Can Meagan convince her aunt and co-workers that the animals are in danger? If she fails, then all the animals’ voices will be silenced forever.
Sharon Ledwith is the author of the middle-grade/YA time travel series, THE LAST TIMEKEEPERS, and the teen psychic mystery series, MYSTERIOUS TALES FROM FAIRY FALLS. When not writing, researching, or revising, she enjoys reading, exercising, anything arcane, and an occasional dram of scotch. Sharon lives a serene, yet busy life in a southern tourist region of Ontario, Canada, with her hubby, one spoiled yellow Labrador and a moody calico cat.
I hate PETA. I haven’t been shy about sharing my feelings about the group that claims to be fighting for the ethical treatment of animals. I base my judgement on a piece written by the president of People for the Ethical Treatment of Animals, Ingrid Newkirk, as well as an incident that occurred between PETA and a chihuahua named Maya.
In the article, (the link is posted at the bottom of post) Newkirk writes about her support for policies in some shelters across the country to kill “pit bull” type of dogs the moment they walk through the door. There is no getting to know the dog. No temperament testing. Nothing. I don’t believe PETA will even scan for a microchip to find an owner, who may be frantically looking for their lost baby, because PETA doesn’t believe this breed should be pets. They only believe this breed should be dead.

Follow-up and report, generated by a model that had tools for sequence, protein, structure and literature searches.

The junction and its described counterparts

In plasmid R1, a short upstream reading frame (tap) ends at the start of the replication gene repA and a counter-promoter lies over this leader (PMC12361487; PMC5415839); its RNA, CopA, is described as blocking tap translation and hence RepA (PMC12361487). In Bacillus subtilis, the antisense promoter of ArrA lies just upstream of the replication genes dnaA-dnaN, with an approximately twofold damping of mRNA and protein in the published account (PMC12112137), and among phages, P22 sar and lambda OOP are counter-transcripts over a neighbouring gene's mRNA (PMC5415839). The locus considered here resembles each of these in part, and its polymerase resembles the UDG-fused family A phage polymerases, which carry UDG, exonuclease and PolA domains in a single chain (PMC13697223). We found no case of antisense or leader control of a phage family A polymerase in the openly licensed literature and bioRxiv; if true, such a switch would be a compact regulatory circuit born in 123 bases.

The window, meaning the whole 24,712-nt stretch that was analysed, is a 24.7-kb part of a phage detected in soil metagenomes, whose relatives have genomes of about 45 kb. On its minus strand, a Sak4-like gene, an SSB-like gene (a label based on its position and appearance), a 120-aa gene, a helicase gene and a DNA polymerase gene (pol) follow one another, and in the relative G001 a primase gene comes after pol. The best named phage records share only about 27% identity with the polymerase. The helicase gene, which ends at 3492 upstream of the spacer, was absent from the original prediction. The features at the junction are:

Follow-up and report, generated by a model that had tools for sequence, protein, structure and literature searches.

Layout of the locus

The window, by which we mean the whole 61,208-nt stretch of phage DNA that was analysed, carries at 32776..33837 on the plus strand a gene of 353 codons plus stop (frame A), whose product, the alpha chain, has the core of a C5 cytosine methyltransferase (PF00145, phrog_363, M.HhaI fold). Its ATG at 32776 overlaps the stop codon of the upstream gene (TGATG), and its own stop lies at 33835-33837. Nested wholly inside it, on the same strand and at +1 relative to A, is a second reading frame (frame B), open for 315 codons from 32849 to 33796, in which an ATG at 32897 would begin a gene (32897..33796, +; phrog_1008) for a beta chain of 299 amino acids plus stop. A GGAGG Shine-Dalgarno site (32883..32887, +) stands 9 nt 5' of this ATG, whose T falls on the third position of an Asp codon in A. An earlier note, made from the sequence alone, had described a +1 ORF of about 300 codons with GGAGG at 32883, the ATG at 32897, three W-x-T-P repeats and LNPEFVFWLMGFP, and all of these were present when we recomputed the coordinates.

This action doesn’t seem very ethical to me. Newkirk argues that she is doing the dogs a favor by killing them because pit bulls are the most abused breed. She may be right about that. Pit bulls have been, and still are, used in dog fighting. But because pit bulls have been so abused should make people want to take them in and show them love for what could be the first time in their doggie life.
Newkirk goes on to tell stories of people who have been hurt by pit bulls. I believe people have because I know someone who has been hurt by a pit bull. I also know someone who has been hurt by a St. Bernard, another person by a Rottweiler, someone else by a Boxer, and another by a Labrador.
No one will say to ban the entire breed because of those attacks, but if the incident involves a pit, then the entire breed gets blamed. Discriminate much?
I have a pit mix so stories like these are personal to me. No one can tell me pit bulls can’t make great dogs. I live with one, and the shelter I volunteer at makes sure to take in a set amount of bully breeds, as well as special needs dogs. There are currently five pit bull mixes in my shelter that houses twenty dogs.
Those pits will get all the time they need to get adopted. One pit has been thee for six months and the other, eight months. They are terrific dogs that love people, but the stigma that is attached to this breed seems to keep people away. Luckily, my shelter is no–kill so those dogs don’t have to worry about time.